Exhibition

Alistair Frost, Simone Gilges and Matthew Smith

21 Jun 2008 – 20 Jul 2008

London, United Kingdom

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  • 35,37,88,137,155,345
  • Clapham Common

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About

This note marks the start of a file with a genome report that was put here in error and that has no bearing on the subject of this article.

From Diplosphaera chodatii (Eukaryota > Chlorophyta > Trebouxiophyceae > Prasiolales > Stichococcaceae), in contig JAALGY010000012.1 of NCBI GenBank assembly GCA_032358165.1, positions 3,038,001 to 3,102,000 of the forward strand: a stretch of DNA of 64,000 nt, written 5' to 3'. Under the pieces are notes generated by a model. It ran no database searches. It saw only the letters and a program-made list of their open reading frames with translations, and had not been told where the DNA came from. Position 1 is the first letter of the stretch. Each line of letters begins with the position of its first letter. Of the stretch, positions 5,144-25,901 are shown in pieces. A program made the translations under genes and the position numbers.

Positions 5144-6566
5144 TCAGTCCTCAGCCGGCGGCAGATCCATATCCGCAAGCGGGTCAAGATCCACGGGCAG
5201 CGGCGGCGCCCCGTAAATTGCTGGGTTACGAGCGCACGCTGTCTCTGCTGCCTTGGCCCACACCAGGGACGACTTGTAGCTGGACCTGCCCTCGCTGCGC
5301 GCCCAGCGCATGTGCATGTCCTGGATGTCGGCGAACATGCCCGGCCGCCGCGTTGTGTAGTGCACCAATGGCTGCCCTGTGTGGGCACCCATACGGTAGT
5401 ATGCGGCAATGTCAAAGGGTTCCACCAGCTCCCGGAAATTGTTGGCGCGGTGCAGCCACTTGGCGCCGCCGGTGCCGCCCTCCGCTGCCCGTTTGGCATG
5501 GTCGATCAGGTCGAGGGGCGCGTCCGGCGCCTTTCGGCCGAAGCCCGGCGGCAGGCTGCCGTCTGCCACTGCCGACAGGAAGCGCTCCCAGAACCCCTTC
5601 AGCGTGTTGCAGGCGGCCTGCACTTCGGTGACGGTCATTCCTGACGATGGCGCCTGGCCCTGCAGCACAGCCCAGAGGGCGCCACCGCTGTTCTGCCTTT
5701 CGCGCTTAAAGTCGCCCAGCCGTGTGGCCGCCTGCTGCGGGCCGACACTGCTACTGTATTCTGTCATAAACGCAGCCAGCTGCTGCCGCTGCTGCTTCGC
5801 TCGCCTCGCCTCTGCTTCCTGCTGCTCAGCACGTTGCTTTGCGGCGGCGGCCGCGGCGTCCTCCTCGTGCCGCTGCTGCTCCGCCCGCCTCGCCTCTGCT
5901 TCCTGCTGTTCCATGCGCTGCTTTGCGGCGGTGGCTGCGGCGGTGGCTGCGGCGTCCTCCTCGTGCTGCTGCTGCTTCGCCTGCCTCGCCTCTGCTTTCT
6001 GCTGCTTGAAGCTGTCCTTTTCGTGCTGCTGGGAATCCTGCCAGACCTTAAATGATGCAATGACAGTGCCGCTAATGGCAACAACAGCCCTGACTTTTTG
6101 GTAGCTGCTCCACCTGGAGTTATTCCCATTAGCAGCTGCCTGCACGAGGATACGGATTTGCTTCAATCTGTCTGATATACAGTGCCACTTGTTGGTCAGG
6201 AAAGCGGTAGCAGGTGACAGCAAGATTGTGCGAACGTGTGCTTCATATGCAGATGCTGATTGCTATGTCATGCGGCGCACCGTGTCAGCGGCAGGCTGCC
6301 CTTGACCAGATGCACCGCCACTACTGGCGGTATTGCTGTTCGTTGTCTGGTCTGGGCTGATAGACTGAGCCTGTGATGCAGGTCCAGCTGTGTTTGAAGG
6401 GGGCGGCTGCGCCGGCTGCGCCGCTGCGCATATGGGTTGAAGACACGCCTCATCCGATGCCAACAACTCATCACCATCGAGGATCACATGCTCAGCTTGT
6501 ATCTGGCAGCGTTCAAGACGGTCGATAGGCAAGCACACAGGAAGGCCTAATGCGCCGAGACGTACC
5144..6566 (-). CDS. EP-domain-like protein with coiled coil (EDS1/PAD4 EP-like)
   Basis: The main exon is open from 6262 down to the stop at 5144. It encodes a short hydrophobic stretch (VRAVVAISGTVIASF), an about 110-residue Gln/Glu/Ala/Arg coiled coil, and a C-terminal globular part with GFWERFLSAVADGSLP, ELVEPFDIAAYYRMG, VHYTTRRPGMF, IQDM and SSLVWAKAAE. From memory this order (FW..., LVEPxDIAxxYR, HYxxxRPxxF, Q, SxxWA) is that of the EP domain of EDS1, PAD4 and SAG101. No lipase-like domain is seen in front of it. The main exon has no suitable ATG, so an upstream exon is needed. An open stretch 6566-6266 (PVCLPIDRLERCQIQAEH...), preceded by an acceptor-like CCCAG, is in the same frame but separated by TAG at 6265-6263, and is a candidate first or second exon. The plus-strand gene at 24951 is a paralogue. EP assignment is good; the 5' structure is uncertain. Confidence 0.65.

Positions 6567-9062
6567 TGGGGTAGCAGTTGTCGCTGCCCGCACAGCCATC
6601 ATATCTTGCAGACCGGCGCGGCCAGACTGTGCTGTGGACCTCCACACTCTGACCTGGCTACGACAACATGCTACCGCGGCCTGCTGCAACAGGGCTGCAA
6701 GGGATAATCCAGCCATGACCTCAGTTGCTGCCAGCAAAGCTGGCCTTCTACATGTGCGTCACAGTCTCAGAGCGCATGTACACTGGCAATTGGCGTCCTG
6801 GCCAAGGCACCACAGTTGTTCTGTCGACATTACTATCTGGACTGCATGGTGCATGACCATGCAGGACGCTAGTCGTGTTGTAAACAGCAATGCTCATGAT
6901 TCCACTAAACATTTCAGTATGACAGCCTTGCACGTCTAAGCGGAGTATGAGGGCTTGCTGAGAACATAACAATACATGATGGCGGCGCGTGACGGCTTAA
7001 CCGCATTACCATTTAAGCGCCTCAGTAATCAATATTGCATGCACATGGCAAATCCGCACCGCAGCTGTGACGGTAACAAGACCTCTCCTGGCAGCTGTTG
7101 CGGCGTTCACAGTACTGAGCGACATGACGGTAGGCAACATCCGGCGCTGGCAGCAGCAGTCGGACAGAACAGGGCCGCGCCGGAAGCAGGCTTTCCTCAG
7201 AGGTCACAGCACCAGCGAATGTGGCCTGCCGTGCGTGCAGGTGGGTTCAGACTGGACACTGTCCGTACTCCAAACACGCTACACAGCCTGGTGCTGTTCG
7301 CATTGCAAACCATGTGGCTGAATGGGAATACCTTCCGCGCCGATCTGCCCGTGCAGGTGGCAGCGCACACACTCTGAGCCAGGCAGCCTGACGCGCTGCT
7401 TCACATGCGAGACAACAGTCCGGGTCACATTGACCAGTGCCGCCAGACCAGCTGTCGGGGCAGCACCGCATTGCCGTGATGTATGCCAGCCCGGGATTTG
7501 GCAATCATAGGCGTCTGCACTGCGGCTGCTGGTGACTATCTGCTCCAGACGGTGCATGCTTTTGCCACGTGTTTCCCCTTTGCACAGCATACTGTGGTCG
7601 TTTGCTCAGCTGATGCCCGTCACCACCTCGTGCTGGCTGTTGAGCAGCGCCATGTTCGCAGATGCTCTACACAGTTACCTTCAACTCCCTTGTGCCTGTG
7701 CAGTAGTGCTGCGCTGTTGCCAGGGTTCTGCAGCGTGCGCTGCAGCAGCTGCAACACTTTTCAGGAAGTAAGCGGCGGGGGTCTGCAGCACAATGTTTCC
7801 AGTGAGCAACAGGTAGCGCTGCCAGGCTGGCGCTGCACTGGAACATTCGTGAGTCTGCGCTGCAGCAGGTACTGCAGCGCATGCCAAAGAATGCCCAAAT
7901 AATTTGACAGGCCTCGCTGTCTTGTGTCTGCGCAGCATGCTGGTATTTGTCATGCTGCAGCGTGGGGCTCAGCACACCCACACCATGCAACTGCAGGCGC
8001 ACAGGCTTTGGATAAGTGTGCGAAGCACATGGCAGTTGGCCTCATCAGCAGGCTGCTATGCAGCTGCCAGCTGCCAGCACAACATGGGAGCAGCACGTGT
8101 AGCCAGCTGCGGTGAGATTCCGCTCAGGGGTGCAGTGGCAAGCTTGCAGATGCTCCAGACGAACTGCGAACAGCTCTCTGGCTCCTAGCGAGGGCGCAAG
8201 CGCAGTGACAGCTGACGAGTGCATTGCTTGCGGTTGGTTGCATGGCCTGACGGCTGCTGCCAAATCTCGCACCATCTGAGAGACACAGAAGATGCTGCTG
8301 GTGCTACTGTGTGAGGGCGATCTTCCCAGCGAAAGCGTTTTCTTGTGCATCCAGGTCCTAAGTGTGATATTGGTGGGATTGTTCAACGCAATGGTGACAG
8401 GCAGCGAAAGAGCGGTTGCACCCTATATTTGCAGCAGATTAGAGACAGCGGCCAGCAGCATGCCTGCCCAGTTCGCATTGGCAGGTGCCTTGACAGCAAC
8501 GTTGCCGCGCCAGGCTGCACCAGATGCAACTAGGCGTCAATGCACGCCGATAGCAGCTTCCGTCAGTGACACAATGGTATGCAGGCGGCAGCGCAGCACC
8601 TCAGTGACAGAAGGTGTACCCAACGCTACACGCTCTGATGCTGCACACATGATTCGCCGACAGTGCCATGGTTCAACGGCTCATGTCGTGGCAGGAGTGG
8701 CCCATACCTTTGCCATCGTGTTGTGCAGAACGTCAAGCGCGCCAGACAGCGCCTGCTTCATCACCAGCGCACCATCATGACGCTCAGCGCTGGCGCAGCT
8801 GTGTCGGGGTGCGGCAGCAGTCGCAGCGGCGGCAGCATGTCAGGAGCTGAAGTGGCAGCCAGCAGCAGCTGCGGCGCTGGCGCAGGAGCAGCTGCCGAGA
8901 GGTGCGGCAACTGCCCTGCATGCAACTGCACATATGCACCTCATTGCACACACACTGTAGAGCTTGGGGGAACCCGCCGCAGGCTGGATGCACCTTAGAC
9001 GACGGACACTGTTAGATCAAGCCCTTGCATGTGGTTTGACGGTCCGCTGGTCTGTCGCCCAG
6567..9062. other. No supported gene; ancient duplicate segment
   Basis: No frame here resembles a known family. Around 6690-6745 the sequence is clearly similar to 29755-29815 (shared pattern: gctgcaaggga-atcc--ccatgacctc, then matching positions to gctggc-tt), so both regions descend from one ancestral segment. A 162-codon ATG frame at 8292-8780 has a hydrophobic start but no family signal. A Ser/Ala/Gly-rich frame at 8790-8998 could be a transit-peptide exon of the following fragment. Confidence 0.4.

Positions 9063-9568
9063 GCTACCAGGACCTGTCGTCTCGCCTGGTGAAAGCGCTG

Studio Voltaire is pleased to present a three-person exhibition of new works by Alistair Frost, Simone Gilges and Matthew Smith. Although the artists will present autonomous bodies of work, they share an approach to artists production by working in a variety of media, exploring signs and codes, and playing with (dis)associations, meanings and hidden narratives. Alistair Frost employs imagery depicting a series of recurring images, symbols and signs, combining elemental codes to construct word games, rebuses and connections between words and their visual representation. There is little relation between the quantity or accumulation of these motifs and an understanding of the picture when assembled. Simple motifs which are often rooted in surrealism, such as the umbrella or the bowler hat becomes a palm tree, or martini glass, or a woman's groin repeatedly feature in Frosts' paintings, drawings, prints and slide-shows. Simone Gilges is an artist based in Berlin who works with photography and fabrics to create sculptural reliefs and installation works. Recent works include portraits swathed in fabric alongside objects that exist to destabilise the initial significance of the photographs. In her installations, the artist uses specific moods to suggest techniques of disguise, and questions staged and real scenarios. The combination of single photographs with props and draperies distort the chronological and historical meanings of the photographs. Gilges suggests and implies without providing the spectator with a clear narrative. Matthew Smith's sculptural work is predominantly made from everyday objects, which he them manipulates or transforms with a sleight hand. In previous works, Smith has subtly added to or removed elements from objects such as nails, duvets, record covers, and magazine pages, transforming them in order to destabilise their original presence and function. The sculptures' original purpose seem undermined, rather than deconstructed or rendered functionless, and through this gentle manipulation the objects become an adulterated version of their former selves, stopping some way short of the finality of entropy.

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